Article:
[Pharo-project] Pharo by Example

Michael Roberts mike at mjr104.co.uk
Sat Jan 7 14:56:16 CET 2012


It is hopefully explained somewhere in a book....

It is more complex than needed by history. Here is what I roughly understand:

Categories are the original mechanism to group classes together. The browser shows this as the left most pane and there are tools to allow you to reorganise it as you want. The category is just a string associated with the class (or the class' organiser). 

All code originally lived in the ST80 (or early squeak) image. You could move it around externally by filing it out either into a .st file or change set .cs file.  Class and method definitions in this chunk format are quite flexible and specify the changes that should be made on file-in. You are not constrained to move whole classes or whole class categories around. 

The history of Smalltalk source control is varied. Various projects map image representation of classes onto file
based representation in CVS, SVN and so on. 

Packages in general mean the mapping of a subset of the image onto an external source control construct. I.e. a modularisation of the image that can be shared in a distributed developer environment. 

Various Smalltalks do this in various ways. The dominant squeak derived system is Monticello.  A class category can be mapped onto a Monticello package. Monticello defines a file format which is the physical representation of the package. It provides tools to manage these packages. Part of the complexity currently is that you are not forced to have the system cleanly separated into packages. You can leave bits of the system unpackaged and you currently have to bootstrap (at some point in history) the source management (package) system into an image based on categories. Since there is an overlap of design concerns and implementations it is not obvious what tools or file formats do what.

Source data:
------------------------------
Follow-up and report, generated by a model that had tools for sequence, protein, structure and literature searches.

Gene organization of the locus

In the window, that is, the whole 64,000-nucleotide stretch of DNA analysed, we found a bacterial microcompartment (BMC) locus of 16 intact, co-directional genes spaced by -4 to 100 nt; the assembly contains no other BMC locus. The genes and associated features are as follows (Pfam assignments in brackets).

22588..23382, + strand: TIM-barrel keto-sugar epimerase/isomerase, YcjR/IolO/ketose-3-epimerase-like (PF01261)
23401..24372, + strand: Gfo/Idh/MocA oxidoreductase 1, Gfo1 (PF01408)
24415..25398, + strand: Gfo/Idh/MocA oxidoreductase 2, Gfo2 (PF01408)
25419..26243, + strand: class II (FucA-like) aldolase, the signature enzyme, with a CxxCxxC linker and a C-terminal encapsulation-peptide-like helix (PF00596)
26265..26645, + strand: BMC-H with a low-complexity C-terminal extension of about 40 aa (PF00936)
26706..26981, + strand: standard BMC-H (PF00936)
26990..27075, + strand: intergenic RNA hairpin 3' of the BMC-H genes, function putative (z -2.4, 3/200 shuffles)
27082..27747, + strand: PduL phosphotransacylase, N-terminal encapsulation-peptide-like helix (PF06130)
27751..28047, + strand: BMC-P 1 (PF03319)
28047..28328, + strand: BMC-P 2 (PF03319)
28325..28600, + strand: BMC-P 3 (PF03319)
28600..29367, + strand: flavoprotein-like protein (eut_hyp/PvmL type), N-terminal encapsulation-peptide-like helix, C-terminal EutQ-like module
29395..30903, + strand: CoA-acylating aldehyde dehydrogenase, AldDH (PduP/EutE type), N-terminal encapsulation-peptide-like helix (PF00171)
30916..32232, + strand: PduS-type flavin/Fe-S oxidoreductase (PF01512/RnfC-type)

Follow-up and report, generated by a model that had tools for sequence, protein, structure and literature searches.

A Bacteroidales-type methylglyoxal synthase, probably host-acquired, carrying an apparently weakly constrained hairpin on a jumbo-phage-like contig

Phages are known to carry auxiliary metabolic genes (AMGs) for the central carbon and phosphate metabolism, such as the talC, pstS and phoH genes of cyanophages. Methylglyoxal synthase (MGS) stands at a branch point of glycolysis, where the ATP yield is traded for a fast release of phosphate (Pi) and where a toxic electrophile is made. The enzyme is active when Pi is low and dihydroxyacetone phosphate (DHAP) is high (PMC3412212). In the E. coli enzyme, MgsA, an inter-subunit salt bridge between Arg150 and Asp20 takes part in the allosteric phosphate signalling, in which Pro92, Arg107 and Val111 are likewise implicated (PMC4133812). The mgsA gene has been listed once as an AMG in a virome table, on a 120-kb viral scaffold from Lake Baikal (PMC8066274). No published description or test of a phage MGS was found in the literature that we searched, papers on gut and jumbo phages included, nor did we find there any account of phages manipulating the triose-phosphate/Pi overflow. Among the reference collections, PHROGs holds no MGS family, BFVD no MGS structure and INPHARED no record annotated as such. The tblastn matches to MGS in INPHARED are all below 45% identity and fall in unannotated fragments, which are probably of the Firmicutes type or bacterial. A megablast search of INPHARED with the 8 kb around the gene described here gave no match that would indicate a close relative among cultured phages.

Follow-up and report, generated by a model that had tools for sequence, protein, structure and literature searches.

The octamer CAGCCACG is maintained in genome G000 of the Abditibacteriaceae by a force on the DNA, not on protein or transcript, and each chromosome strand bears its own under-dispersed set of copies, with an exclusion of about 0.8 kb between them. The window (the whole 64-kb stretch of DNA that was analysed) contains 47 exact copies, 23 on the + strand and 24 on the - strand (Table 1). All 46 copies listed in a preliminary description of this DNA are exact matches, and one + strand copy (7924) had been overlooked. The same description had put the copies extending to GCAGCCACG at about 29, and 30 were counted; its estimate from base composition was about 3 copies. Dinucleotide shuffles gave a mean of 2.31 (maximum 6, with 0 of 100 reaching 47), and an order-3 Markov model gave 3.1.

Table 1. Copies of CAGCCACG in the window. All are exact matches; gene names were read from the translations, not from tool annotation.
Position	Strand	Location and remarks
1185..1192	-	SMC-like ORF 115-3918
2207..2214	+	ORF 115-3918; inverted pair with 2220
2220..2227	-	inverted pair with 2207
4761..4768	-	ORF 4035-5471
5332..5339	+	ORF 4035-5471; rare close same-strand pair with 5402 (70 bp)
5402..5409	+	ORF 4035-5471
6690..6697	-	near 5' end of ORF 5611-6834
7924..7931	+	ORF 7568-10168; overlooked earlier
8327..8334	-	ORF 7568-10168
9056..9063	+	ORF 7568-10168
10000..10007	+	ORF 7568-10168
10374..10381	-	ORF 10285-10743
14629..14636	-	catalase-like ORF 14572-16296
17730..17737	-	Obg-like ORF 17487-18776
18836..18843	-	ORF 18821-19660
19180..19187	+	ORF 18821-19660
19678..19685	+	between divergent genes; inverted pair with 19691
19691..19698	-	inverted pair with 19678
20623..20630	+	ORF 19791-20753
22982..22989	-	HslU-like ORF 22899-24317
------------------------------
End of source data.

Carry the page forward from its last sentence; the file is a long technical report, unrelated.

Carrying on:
In general in Pharo there is a desire to move towards a more modular system. There is a desire to cleanly bootstrap this system from some kernel specification. Ideally we would then have a namespace implementation that allowed us to isolate and load conflicting code. We also need package dependency management and do on. 

You will see references to these goals and discussions on all these topics from time to time. Some of these are implemented, some of these are deprecated, and the wish list is long.  

You wouldn't really start out fresh with the combination of concepts and implementations we currently have in Pharo. 

Not sure what collections are in this context.

Hope that helps
Mike
 

On 5 Jan 2012, at 08:37, "Gerry Weaver" <gerryw at compvia.com> wrote:

> Hi Michael,
> 
> Well... that actually makes good sense (maybe  the terminology is my issue). I think I've written C code for so long that I get too bogged down in the details. So, what exactly is a category vs a collection vs a package?. I seems like a category is just a mechanism for organizing code?. I guess a package would be like a Lisp module or C library? What about collections?
> 
> 
> Thanks for your help. It really did help.
> Gerry  
> 
> 
> 
> -----Original Message----- 
>> From: "Michael Roberts" <mike at mjr104.co.uk> 
>> To: Pharo-project at lists.gforge.inria.fr 
>> Date: 01/05/12 02:18 
>> Subject: Re: [Pharo-project] Pharo by Example 
>> 
>> On 5 Jan 2012, at 05:50, "Gerry Weaver" <gerryw at compvia.com> wrote:
>> 
>>> Hi,
>>> 
>>> Perhaps I should just take a shot at explaining what I'm having trouble understanding.
>>> 
>>> 
>>> My current take on the environment is that an image is basically a container that holds everything in the application.
>> 
>> Indeed. 
>> 
>>> In development mode it also includes the IDE and tools.
>> 
>> For general Pharo images there is no "mode". They all contain some set of development tools. To remove them you have to go to some effort (stripping) or find a smaller seed image that does not contain them (expert).
>> 
>>> I assume one would typically start by defining a class that was a subclass of some system or package class.
>> 
>> You could start with Object. 
>>